HCA pruned staff at Mission Hospital, reaped soaring profits

HCA pruned staff at Mission Hospital, reaped soaring profits

By Grace Vitaglione, Carolina Public Press

Staff cuts have driven up patient-care profits at Mission Hospital in Asheville after HCA Healthcare acquired the facility, according to a draft report by Mark Hall, director of the health law and policy program at Wake Forest University.

The report tracked the hospital’s profits from 2011 to 2022 and compared its profit margin to 11 peer hospitals. HCA acquired then-nonprofit Mission Health System in 2019. During the height of the COVID-19 pandemic in 2020, the hospital reported losses, according to Hall’s report. 

But Mission Hospital rebounded and in 2022, it reported patient-care profits of almost $100 million – about 3.5 times its profits of the year before HCA’s purchase, the report said.

HCA reduced patient-care costs by cutting the patient-care staffing rate from 6.0 full-time equivalent staff per occupied bed in 2018 to 3.7 in 2021, the report said. Meanwhile, average staffing at other N.C. hospitals stayed at 5.1 per patient, according to the report.

The report used data from hospital “cost reports” filed with the federal government. Hall compared Mission with peer hospitals based on size, scope of service and market and geographic location. 

That comparison is how Hall found that staff cuts were the primary driver behind Mission’s profits under HCA, he said. Prior to the acquisition, Mission’s patient-care profit margin was on par with the average among peer hospitals, but its profits are now at the top of the range, according to the report.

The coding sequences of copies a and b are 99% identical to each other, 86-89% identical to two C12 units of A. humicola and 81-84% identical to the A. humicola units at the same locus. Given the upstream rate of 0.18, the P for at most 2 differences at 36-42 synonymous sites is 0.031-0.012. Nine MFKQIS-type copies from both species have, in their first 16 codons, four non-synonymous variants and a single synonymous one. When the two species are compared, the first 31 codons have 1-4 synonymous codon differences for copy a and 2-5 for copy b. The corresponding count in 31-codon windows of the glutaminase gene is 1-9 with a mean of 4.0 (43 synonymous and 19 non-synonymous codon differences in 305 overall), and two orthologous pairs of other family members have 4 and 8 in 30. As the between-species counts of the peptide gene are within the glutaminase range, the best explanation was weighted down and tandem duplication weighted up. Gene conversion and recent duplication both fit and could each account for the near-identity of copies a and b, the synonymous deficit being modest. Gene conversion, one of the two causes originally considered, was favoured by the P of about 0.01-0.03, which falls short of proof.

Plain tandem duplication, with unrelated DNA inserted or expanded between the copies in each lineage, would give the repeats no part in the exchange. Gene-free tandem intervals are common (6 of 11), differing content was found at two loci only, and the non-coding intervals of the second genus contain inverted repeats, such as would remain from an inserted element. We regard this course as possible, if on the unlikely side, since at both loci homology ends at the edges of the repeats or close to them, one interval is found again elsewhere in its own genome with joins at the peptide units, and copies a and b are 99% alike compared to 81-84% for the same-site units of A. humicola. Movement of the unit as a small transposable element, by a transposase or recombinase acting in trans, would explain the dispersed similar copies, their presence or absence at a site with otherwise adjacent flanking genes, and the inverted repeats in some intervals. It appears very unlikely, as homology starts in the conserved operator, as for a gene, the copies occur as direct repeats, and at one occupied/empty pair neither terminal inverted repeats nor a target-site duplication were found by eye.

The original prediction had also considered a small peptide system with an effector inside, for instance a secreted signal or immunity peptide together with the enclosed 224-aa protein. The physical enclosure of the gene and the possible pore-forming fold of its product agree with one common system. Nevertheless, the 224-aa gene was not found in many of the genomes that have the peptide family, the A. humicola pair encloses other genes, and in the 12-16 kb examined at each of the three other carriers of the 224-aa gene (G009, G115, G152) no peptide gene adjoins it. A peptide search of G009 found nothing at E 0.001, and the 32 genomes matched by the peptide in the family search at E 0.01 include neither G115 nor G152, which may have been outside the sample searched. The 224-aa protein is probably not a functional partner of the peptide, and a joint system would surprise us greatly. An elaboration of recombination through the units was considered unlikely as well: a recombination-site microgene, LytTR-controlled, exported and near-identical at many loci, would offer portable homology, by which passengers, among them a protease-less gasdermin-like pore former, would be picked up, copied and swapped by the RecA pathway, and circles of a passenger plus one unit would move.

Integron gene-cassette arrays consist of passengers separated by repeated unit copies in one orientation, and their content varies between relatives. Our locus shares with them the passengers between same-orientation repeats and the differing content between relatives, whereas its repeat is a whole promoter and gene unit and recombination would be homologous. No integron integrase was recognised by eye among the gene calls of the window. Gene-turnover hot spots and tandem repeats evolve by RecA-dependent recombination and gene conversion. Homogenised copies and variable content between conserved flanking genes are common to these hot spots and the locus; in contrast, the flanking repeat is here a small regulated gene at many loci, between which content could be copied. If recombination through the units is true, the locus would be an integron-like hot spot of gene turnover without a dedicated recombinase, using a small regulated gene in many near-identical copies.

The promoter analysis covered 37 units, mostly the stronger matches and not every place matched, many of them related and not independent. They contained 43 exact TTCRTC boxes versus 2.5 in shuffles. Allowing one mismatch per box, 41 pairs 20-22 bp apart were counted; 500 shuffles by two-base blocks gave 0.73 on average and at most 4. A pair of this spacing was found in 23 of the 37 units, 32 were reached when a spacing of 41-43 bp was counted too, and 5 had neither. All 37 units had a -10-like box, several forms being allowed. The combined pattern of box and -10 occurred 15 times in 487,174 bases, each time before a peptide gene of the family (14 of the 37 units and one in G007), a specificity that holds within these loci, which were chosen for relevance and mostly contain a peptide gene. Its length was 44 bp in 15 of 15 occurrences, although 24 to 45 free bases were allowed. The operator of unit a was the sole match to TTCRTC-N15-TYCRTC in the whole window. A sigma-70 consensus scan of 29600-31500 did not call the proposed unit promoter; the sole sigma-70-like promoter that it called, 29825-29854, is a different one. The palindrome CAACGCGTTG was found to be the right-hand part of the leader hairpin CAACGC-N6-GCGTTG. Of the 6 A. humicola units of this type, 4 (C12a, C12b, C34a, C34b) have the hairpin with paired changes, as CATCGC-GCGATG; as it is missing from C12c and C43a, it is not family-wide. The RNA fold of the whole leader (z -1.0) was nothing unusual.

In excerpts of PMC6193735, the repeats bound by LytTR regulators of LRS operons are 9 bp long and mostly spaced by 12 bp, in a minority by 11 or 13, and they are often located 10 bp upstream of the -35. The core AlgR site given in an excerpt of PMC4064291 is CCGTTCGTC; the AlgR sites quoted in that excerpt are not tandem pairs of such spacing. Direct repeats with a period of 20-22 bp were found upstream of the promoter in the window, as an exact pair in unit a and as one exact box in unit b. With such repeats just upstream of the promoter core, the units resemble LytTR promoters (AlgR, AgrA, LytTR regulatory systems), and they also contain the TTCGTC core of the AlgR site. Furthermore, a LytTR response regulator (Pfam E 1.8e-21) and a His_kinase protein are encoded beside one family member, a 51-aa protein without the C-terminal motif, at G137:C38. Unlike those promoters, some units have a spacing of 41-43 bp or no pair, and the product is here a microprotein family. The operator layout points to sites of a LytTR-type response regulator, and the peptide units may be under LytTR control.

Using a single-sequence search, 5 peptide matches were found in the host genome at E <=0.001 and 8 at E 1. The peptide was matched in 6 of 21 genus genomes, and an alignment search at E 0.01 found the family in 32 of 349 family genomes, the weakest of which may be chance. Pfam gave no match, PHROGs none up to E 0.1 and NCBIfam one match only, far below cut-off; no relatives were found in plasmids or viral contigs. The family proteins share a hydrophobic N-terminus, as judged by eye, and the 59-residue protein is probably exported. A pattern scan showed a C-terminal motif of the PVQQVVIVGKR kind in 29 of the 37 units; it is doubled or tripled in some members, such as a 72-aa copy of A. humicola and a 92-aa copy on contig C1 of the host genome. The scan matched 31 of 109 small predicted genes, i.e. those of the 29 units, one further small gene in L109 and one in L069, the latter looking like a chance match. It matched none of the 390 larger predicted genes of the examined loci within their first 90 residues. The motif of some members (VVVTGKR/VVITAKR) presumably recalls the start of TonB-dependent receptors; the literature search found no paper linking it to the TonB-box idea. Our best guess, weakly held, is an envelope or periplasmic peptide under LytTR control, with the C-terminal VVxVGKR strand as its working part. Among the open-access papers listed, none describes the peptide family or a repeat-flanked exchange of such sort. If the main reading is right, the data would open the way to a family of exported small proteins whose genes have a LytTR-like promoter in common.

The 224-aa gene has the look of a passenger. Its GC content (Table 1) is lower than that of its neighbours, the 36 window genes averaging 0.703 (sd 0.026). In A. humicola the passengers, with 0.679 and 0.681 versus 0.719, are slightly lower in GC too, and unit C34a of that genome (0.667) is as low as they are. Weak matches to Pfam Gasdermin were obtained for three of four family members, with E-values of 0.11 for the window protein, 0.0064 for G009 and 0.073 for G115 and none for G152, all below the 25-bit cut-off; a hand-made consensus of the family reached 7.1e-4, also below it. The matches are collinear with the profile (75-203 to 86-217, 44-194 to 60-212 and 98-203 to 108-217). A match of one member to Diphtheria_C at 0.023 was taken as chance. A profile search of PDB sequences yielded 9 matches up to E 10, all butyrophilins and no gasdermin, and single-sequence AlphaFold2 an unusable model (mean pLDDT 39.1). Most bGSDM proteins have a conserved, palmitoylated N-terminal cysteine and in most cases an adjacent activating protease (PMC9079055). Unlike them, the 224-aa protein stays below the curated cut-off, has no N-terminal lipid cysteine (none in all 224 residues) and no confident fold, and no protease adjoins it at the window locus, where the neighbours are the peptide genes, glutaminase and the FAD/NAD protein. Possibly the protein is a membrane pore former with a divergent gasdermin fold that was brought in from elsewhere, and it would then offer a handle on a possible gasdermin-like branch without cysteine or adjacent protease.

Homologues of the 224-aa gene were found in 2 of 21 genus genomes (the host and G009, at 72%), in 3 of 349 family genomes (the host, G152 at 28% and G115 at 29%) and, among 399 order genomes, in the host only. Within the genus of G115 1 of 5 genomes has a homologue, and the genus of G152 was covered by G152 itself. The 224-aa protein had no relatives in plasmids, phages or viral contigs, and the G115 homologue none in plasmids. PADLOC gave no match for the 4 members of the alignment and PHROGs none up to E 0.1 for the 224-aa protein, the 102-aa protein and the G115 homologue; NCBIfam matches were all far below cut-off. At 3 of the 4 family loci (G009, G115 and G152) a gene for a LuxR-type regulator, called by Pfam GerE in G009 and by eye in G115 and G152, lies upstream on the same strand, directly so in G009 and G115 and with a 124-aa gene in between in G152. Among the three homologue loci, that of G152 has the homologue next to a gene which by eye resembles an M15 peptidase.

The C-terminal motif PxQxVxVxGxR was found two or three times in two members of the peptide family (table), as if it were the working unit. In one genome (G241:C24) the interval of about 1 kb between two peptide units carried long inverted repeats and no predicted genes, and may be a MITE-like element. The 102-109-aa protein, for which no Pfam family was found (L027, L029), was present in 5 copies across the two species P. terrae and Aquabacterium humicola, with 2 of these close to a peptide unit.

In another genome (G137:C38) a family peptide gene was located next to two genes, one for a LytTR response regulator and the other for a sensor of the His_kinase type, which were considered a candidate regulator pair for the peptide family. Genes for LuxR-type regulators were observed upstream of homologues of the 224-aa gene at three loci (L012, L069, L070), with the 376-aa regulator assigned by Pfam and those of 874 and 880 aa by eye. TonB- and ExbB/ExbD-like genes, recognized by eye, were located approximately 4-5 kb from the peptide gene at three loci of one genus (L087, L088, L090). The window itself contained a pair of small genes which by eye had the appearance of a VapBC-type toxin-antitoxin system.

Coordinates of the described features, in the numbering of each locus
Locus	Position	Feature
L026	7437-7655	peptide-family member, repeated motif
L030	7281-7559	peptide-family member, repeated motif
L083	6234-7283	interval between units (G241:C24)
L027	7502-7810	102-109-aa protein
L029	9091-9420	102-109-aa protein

“We know that this is not mere correlation, that the purchase by HCA appears to be the real cause of this change,” Hall said. 

Price increases and profits

Increasing prices is another way to drive profit, but HCA has limited control over that, Hall said. 

Many of Mission Hospital’s patients are covered by Medicare or Medicaid, in which the government “essentially sets prices,” the report said. Blue Cross and Blue Shield of North Carolina also has a large share of the private insurance market, giving the company leverage to combat price increases, according to the report.

For those who don’t fall under those categories, such as those with smaller insurance companies or who are uninsured, hospitals can mark up prices, the report said.